Alex Goldman is a producer for On the Media. One time he got run over by a car.
Operation In Our Sites Misses its Mark (UPDATED)
Thursday, December 08, 2011 - 04:31 PM
This weekend, we will be airing an interview with Mark Lemley, who is representing a website called Rojadirecta that had its domain name seized by the US government for copyright infringement in February of this year. But several blogs are reporting today that the Justice Department, which has worked with the office of Immigration and Customs Enforcement (ICE) on a domain name seizure operation known as Operation In Our Sites, has returned a mistakenly seized domain after a year of legal wrangling.
dajaz1.com, a hip-hop website, was originally seized by the government in November of last year, because the government claimed that it frequently shared unauthorized copyrighted material. However, the owner of the website, who goes by the moniker Splash, shared emails with the New York Times which showed that songs he posted were given to him by record companies for promotional purposes.
When the website tried legal channels to get the website back, they came up against what TechDirt's Mike Masnick compares, in a lengthy post about the website, to "Something out of Kafka or the movie Brazil. As the website Torrentfreak tells it:
After initially ignoring requests from DaJaz1 lawyer Andrew P. Bridges to return the domain, the U.S. government indicated it would begin the necessary forfeiture procedure. Bridges said he would submit a forfeiture challenge, but the deadline for the government to file apparently came and went with no visible action.
Bridges was told that extensions to file for forfeiture had been granted to the government. However, the lawyer questioned how this had been possible without him being informed and given the chance to contest. He asked for copies of the documentation requesting the extension and the court’s documentation granting it, but on each count he was denied and told the papers were under seal.
Incredibly, he was then told that he wouldn’t be informed of future extensions nor given a chance to contest them either, which was problematic since extension after extension was apparently granted. However, nothing could be officially confirmed by Bridges since the official paperwork remained secret.
According to Masnick, the government made fighting forfeiture all the more difficult by sealing even the most routine government documents, refusing to share them with Dajaz1's lawyer, Andrew Bridges:
He also asked for a copy of the the court's order allowing the extension. The government told him no and that the extension was filed under seal and could not be released, even in redacted form.
He asked for the motion papers asking for the extension. The government told him no and that the papers were filed under seal and could not be released, even in redacted form.
He again asked whether he would be notified about further filings for extensions. The government told him no.
Supporters of ICE's domain seizures say that they have built-in due process protections. Victoria Espinel, the United States Intellectual Property Enforcement Coordinator for the Office of Management and Budget, testified before congress that she believed Operation In Our Sites provided adequate due process protections earlier this year.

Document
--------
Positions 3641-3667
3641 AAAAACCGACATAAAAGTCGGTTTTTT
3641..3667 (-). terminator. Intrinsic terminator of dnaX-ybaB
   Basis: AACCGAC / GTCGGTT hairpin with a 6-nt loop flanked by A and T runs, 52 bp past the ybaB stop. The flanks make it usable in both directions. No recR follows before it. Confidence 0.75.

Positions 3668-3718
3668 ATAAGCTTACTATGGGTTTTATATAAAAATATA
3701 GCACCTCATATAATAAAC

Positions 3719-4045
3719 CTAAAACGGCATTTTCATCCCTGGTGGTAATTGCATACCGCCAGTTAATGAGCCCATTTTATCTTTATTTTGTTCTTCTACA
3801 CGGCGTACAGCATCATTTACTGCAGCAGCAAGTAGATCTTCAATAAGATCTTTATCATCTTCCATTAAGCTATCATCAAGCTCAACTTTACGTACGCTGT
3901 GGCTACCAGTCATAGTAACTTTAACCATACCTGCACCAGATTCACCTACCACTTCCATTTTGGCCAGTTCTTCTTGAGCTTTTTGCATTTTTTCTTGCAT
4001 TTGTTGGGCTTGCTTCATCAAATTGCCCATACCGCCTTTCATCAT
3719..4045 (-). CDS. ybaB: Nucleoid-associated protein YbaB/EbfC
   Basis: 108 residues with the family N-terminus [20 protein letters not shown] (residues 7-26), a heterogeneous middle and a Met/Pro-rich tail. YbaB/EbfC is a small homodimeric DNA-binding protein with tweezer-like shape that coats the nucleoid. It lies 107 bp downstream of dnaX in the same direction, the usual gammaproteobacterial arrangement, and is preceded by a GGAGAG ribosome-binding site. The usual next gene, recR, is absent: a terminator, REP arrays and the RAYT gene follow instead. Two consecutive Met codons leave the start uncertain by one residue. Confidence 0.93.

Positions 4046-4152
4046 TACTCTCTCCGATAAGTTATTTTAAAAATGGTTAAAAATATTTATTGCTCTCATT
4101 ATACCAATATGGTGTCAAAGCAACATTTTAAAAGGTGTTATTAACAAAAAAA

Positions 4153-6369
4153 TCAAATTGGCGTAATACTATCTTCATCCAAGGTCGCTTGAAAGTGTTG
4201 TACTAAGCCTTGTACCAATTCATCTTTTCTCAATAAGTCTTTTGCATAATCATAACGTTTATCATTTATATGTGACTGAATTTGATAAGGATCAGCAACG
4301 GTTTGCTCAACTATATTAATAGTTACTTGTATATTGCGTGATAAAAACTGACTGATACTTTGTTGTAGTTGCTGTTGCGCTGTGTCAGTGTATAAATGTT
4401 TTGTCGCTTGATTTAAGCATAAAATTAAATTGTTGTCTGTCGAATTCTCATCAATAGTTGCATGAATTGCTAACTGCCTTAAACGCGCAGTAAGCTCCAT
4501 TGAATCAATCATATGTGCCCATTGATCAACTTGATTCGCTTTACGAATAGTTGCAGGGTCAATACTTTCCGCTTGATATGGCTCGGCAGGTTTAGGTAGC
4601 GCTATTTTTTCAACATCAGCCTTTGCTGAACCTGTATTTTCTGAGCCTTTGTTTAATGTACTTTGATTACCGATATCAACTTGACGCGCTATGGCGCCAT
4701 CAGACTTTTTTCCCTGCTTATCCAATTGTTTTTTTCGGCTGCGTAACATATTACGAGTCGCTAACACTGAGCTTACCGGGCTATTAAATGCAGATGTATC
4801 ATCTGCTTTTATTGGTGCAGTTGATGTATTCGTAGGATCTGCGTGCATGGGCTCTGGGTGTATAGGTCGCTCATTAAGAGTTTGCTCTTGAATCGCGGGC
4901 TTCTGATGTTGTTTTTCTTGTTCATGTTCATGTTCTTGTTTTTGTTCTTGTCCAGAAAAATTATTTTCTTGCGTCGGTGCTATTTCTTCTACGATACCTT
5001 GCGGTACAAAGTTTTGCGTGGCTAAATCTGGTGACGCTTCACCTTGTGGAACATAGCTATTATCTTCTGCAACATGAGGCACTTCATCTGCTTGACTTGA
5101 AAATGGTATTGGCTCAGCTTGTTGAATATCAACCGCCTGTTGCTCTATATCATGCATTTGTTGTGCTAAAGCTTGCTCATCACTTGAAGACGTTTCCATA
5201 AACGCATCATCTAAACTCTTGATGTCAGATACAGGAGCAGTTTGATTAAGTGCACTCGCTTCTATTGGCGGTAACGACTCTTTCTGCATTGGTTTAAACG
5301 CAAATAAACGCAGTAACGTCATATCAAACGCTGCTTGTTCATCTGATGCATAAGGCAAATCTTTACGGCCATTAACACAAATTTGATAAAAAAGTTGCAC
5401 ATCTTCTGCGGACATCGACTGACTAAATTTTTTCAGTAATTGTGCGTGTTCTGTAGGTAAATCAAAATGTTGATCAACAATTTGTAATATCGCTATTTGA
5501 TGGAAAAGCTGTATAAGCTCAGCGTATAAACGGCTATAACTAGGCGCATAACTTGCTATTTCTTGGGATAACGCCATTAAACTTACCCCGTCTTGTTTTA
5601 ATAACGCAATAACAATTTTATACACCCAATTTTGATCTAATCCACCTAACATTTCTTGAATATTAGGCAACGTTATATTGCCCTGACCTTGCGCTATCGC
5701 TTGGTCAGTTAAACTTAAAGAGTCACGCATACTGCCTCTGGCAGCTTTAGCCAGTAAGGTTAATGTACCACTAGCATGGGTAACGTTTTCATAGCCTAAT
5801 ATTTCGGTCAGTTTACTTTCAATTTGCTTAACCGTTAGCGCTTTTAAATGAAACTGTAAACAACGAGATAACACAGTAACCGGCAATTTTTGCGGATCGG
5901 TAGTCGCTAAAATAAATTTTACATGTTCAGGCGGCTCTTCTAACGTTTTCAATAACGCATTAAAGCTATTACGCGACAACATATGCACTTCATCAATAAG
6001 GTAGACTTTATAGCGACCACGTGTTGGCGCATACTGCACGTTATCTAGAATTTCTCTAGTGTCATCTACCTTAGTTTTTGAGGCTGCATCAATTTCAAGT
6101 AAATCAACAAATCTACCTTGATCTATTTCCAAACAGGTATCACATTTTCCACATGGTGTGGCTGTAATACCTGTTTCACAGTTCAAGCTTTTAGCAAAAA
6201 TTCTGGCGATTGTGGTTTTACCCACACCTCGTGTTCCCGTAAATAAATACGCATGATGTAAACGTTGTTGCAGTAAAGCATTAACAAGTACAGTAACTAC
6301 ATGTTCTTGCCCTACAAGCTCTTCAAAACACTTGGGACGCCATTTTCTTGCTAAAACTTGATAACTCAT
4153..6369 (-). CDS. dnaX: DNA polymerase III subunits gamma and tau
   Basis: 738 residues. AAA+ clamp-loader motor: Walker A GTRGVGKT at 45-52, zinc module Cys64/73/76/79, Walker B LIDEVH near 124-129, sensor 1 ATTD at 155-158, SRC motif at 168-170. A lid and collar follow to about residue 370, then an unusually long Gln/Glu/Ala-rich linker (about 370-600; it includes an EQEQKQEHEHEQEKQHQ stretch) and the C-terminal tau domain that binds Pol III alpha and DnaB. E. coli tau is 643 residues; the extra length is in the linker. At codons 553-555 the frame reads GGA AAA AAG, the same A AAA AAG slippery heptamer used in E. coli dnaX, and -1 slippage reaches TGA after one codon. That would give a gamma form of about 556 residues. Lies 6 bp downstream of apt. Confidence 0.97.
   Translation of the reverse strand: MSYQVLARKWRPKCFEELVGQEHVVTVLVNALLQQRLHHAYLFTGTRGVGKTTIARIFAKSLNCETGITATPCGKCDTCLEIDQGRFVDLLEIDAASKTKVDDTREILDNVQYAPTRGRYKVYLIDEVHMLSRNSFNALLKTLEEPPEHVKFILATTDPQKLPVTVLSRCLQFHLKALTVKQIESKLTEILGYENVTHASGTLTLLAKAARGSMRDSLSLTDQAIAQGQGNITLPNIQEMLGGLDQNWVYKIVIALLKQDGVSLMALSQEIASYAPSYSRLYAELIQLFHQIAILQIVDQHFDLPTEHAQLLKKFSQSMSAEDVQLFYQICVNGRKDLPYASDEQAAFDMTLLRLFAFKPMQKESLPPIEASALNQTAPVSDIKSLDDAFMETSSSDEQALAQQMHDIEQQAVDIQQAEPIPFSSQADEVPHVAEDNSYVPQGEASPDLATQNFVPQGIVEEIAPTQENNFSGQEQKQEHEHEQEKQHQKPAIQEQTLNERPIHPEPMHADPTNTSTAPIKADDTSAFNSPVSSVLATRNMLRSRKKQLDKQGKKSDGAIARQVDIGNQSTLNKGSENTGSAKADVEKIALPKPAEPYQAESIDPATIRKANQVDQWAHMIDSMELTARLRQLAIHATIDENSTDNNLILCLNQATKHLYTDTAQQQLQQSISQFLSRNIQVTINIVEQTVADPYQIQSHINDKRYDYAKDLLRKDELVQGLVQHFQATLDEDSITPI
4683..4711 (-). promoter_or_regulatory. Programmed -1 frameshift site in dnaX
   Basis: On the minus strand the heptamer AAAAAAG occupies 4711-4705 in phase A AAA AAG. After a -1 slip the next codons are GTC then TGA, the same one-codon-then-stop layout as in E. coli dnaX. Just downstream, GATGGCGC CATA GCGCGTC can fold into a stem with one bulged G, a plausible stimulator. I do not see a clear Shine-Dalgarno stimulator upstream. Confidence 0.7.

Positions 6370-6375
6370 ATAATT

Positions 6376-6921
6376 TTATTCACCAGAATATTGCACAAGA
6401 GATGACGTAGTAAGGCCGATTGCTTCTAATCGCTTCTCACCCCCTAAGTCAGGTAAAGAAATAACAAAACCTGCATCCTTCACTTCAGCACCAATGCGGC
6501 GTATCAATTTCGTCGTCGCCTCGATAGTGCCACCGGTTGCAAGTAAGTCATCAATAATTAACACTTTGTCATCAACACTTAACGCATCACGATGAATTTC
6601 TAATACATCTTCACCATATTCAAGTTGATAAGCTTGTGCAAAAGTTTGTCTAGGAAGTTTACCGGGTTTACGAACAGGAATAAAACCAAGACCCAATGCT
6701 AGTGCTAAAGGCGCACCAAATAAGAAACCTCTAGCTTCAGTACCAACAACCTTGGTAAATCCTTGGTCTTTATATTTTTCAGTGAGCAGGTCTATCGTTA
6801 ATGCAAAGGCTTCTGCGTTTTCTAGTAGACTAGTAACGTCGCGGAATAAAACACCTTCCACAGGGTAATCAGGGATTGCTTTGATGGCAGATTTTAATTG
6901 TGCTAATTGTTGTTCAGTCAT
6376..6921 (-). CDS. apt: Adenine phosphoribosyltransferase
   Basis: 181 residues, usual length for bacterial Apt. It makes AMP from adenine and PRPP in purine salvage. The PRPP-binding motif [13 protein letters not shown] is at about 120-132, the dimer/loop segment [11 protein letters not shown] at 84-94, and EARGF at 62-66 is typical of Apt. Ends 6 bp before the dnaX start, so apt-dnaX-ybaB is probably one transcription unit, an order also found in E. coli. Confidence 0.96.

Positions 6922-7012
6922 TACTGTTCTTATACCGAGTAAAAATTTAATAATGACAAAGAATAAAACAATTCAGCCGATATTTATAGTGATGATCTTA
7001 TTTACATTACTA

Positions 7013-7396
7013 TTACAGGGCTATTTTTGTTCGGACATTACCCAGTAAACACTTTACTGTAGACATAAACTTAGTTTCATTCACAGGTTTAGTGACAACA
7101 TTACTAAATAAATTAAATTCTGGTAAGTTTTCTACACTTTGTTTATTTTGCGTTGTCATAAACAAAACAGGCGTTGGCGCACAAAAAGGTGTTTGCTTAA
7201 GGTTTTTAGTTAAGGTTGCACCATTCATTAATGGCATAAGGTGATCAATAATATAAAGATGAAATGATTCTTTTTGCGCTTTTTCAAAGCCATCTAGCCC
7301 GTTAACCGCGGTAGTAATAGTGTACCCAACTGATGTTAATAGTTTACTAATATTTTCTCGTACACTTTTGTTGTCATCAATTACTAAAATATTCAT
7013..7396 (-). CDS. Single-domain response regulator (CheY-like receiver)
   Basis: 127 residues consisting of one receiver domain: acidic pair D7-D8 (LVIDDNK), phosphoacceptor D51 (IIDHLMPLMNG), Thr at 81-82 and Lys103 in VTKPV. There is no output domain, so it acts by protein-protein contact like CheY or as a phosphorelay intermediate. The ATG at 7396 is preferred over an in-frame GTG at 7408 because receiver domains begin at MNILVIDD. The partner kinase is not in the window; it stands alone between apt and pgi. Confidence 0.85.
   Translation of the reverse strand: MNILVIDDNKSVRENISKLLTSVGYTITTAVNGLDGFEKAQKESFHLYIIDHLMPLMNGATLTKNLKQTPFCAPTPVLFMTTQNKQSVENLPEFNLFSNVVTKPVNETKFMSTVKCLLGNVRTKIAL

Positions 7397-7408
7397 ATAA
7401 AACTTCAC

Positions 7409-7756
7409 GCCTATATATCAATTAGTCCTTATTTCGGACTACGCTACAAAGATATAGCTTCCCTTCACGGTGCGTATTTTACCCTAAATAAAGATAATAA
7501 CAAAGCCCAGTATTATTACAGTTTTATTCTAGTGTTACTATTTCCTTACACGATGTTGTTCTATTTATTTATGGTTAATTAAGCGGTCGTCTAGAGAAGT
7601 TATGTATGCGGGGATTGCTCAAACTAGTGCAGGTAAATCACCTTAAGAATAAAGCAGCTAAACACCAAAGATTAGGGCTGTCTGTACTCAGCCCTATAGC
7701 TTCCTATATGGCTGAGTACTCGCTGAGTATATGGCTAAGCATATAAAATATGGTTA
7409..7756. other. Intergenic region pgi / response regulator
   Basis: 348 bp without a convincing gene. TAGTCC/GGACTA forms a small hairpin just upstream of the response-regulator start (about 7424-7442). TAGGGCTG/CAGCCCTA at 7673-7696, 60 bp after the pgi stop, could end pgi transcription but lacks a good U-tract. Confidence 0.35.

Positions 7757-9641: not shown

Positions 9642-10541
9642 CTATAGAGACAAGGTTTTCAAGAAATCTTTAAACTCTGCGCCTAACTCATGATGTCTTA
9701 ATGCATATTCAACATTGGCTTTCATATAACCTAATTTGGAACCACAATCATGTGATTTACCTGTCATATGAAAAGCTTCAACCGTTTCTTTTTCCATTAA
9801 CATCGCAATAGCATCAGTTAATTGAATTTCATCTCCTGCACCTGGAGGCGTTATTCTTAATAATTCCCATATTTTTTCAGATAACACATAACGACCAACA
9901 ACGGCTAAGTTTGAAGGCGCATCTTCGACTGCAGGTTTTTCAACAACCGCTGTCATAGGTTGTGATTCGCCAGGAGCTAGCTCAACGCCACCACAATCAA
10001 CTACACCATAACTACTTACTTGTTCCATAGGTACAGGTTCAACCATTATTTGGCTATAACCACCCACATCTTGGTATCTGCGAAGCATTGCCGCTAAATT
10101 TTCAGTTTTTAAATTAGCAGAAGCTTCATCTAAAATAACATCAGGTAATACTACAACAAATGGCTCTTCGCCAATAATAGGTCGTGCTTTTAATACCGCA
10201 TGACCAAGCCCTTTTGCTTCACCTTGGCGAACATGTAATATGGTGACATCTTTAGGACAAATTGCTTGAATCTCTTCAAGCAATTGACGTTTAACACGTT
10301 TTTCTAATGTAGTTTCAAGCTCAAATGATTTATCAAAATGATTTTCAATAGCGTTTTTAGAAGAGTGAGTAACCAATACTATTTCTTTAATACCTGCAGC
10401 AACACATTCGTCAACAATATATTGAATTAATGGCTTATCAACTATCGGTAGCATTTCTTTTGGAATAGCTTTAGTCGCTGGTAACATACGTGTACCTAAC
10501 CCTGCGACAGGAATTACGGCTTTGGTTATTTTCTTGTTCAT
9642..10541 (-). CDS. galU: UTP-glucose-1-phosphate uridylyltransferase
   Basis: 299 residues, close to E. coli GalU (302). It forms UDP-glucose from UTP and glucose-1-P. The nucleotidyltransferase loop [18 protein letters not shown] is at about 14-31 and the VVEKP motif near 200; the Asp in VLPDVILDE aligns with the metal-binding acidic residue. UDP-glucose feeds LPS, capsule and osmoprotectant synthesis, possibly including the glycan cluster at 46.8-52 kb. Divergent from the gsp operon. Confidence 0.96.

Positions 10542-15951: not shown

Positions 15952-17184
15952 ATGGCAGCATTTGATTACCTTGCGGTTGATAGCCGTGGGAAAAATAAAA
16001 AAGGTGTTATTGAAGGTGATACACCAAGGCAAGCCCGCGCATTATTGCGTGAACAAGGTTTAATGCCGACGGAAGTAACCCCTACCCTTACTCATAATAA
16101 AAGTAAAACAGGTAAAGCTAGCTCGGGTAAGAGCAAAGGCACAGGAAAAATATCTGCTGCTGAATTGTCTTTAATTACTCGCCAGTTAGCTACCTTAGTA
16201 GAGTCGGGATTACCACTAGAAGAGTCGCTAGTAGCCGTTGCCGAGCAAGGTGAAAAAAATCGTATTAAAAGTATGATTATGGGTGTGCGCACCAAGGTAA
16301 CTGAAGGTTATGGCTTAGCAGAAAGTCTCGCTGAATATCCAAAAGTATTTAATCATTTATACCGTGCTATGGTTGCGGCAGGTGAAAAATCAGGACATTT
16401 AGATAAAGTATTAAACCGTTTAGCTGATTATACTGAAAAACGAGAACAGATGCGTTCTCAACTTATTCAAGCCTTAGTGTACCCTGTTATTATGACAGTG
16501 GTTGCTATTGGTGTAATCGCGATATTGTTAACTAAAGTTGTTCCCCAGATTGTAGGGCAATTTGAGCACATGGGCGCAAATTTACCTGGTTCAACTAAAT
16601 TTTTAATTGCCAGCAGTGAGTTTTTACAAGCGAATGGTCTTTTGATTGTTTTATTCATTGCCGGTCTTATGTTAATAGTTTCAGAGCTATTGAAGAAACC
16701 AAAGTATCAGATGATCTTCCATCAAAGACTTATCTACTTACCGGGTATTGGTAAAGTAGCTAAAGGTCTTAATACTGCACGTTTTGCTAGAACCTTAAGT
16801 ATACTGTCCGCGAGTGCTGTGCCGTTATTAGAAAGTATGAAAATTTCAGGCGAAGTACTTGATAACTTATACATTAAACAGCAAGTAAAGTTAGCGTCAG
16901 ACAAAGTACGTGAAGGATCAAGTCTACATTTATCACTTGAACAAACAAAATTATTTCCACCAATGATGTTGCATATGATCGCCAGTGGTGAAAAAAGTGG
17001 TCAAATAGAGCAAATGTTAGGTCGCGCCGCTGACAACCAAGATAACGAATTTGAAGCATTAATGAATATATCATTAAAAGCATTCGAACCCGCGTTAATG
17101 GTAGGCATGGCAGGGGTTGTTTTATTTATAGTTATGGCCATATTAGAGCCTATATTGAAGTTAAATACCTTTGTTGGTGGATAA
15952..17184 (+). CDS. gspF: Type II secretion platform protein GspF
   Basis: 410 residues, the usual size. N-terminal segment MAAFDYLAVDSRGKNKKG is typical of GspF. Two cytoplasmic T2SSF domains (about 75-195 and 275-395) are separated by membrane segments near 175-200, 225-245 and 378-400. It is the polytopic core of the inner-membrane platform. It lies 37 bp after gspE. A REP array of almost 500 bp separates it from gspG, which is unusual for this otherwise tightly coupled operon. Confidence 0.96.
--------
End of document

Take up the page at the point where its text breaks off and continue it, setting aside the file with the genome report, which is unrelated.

The Immigrations and Customs Enforcement office couldn't be reached for comment, but (see update below) the Recording Industry Association of America gave a statement to CNET, implying that it still believes that Dajaz1 broke the law:
For a year and a half, we monitored the site, identifying instances where its operators had uploaded music to unauthorized file-sharing services where the recordings could be freely downloaded--music that artists had created with the expectation that they would have a chance to sell before it was leaked. Dajaz1 profited from its reputation for providing links to pre-release copies, and during that time nearly 2,300 recordings linked to the site were removed from various file-sharing services. We are unaware of a single instance where the site operator objected by saying that the distribution was somehow authorized.
"With today's news of how the government seized Dajaz1's website with no notice, no chance to be heard and questionable evidence -- and then spent over a year actively denying the site owner's their day in court, suggests serious constitutional questions about the US government's actions," Techdirt's Mike Masnick told us over email. "Their efforts appear to violate both our free speech rights and due process rights in such extreme and shocking ways that it appears the entire ICE/DOJ program should be investigated and rethought."
We'll be discussing due process and ICE's Operation In Our Sites campaign on the show this weekend, so tune in to hear Bob's conversation with Mark Lemley about Rojadirecta.
UPDATE: On the morning of December 9th, the day after this article was posted, ICE sent us the following statement regarding the seizure of dajaz1.com:
Operation In Our Sites utilized the civil forfeiture statute provided by Congress for intellectual property theft to seize domain names of 350 separate websites engaged in copyright or trademark violations. In each instance, ICE, working with our partners at the Department of Justice, demonstrated the requisite probable cause to a federal magistrate judge to justify the seizure of the website. This process is the same that federal law enforcement uses for seizures of all types. During the subsequent forfeiture process, law enforcement continued not only to investigate potential criminal wrongdoing, but to objectively consider all applicable evidence resulting from the ongoing investigation. The goal of every law enforcement operation is to ensure a just result. In the case of this domain name — out of 350 seized — the government concluded that the appropriate and just result was to decline to pursue judicial forfeiture.